These words and others of similar ilk have found their way into diaries and comments here at Daily Kos yesterday and today around the abomination known as the Stupak-Pitts Amendment. Calm down, little lady, is the tone. Get real. Be adults. Doncha know how politics really works?
Many of these sexist critiques are then followed up by a distortion of the Stupak-Pitts Amendment itself, all of which amounts to the view that this is no big deal, that it does nothing more than the Hyde Amendment, the sexist, classist abomination that has been on the books in one form or another since 1976. In fact, as mcjoan pointed out earlier today, the Stupak-Pitts coathanger amendment goes a good deal further than Hyde.
So besides engaging in put-downs, the patronizers have it dead wrong. This isn't a tempest in a teapot. It matters. And it matters big time, as at least 40 members of Congress led by Colorado Rep. Diana DeGette have made pretty damn clear. If the Democratic leadership doesn't come to grips with this, they're heading the party for big trouble next November, an election month that already may be a difficult time for the party given the state of an economy that may be getting better on paper but is, at best, many months away from even beginning to trickle down to where people actually live their lives.
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Over the decades, while engaging in a campaign of intimidation, harassment and murder, the anti-abortion movement has managed, nibble by nibble, to get ever-more restrictive legislation into place. Ultimately, the right of affluent women to obtain an abortion hasn't been much affected - except in the case of late-term procedures. But affluent women always had options even when abortion was illegal in every state. They could fly to Puerto Rico or Japan and get a safe abortion there without having to risk potentially lethal chemicals or abortions at the hands of unlicensed doctors or other providers operating on somebody's kitchen table in less than sterile conditions.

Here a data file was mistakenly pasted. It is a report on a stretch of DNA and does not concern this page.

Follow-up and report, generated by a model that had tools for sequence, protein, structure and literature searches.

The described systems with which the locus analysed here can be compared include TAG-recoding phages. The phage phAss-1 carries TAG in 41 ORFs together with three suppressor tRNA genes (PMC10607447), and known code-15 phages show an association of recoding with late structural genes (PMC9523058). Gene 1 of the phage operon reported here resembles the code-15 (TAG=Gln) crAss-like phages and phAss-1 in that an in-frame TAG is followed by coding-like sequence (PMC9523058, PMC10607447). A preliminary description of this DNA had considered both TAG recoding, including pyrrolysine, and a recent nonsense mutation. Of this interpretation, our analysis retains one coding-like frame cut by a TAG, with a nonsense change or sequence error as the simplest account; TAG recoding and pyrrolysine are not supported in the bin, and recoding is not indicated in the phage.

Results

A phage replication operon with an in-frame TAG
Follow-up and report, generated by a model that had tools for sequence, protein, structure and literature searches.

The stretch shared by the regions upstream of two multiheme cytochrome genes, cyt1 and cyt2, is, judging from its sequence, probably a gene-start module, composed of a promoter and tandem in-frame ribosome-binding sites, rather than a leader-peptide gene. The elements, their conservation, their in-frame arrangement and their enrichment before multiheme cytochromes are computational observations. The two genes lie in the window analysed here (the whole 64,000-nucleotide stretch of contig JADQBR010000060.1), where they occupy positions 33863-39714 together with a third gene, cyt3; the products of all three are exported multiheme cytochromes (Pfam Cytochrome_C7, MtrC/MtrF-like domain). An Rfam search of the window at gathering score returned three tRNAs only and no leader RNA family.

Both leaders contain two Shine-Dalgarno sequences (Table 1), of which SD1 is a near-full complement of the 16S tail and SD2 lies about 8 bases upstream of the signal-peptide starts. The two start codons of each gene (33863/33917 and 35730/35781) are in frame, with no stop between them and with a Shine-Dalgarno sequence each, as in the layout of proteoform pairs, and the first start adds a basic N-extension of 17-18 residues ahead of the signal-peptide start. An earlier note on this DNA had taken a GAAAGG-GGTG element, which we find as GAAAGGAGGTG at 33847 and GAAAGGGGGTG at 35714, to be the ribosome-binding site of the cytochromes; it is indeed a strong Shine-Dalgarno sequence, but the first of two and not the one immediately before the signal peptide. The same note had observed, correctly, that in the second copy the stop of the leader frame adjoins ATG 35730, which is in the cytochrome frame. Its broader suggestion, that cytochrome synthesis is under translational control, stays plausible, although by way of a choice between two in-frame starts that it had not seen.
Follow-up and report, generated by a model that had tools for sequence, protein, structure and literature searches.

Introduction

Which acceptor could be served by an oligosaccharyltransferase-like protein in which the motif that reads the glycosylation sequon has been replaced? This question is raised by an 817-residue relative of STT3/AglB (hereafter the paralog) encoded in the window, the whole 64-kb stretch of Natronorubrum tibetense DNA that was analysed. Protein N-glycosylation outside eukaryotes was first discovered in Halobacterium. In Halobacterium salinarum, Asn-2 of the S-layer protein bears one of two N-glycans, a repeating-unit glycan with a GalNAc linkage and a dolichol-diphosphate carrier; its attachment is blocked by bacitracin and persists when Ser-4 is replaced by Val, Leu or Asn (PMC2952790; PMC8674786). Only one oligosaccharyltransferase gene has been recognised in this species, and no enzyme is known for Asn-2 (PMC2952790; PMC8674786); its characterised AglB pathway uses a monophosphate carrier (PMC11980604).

Thanks to Hyde, low-income women in most states are still at a disadvantage when it comes to getting an abortion. Stupak-Pitts, if it survives the conference process, will not only reinforce this classist attack on women, it will also broaden it.
Being ferociously opposed to it is, therefore, not irrational or hypersensitive or over-reactive. It's called standing up for progressive values.